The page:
Collaborative priorities for the social care workforce 2020-2025

Our shared belief is that people with care and support needs should receive personalised and high-quality services to enable them to enjoy fulfilled lives in their own homes and communities. Consistent care should be available to all, irrespective of age, location or circumstance. These shared priorities won’t replace a national workforce strategy for social care, but whilst we wait for this to be developed we want to make sure we're working together to make as much impact as we can in the work we're doing.

High quality care and support services are dependent upon a highly skilled and valued workforce, appropriately rewarded for their work and the vital impact that it has on people’s lives.

More than one and a half million people work in social care, helping hundreds of thousands of adults and children to live safer, healthier and more enjoyable lives.

ADASS, the LGA and Skills for Care work with councils, providers and others to maintain and develop a social care workforce equipped and supported to undertake this pivotal role. Each of the three organisations receives funding from the government to pursue agreed objectives and priorities. This year the three bodies have joined forces around the following five key areas to drive meaningful change in better supporting the social care workforce:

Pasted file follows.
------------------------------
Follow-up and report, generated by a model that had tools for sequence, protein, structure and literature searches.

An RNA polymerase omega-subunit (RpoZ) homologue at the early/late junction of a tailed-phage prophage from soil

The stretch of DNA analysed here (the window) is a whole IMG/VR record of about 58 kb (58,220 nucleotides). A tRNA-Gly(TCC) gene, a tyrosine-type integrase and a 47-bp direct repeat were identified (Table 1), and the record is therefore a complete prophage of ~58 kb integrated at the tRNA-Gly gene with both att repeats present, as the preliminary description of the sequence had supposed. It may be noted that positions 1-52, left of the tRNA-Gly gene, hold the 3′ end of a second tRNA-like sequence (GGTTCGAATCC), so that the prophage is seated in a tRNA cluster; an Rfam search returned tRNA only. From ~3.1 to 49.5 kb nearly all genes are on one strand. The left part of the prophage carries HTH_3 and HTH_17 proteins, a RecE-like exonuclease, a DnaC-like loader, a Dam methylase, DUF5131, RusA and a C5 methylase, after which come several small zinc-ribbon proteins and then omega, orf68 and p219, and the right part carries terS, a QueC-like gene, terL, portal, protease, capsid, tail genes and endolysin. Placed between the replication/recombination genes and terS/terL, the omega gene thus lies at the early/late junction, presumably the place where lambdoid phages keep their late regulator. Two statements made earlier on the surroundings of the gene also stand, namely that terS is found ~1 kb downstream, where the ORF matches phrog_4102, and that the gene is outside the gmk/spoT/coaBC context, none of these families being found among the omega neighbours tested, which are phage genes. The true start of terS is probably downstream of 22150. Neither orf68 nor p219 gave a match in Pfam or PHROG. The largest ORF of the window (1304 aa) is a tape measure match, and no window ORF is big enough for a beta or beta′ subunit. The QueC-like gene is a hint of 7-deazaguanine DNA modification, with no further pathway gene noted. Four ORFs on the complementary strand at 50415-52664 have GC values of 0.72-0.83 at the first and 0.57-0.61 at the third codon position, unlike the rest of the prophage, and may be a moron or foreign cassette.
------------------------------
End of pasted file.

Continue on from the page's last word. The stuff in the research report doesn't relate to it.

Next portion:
1. Strategic workforce planning
    2. Growing and developing the workforce
    3. Enhancing the use of technology
    4. Supporting wellbeing and positive mental health
    5. Building and enhancing social justice, equality, diversity and inclusion in the workforce.

Download this presentation for further information on each key area.

The deliverables behind them, will be formally agreed by each organisation, and shared workforce priorities will be developed to ensure significant progress is made in each area.

Implementation of the shared workforce priorities will be led by councils and partners at a local and regional level, with learning shared and delivery scaled up nationally.  In some instances, it will be beneficial to lead initiatives at a national level, i.e. in seeking increased pay and rewards for social care workers. Where this is the case outcomes and learning will be disseminated locally to benefit all.

The impact of the shared workforce priorities across the five key areas will be assessed over time to help inform sector-led improvement programmes and to improve future collaborations in supporting and developing the social care workforce.

If you would like further information or are interested in joining the 3 organisations on the joint priorities work, please email Amanda Whittaker-Brown at the Local Government Association.

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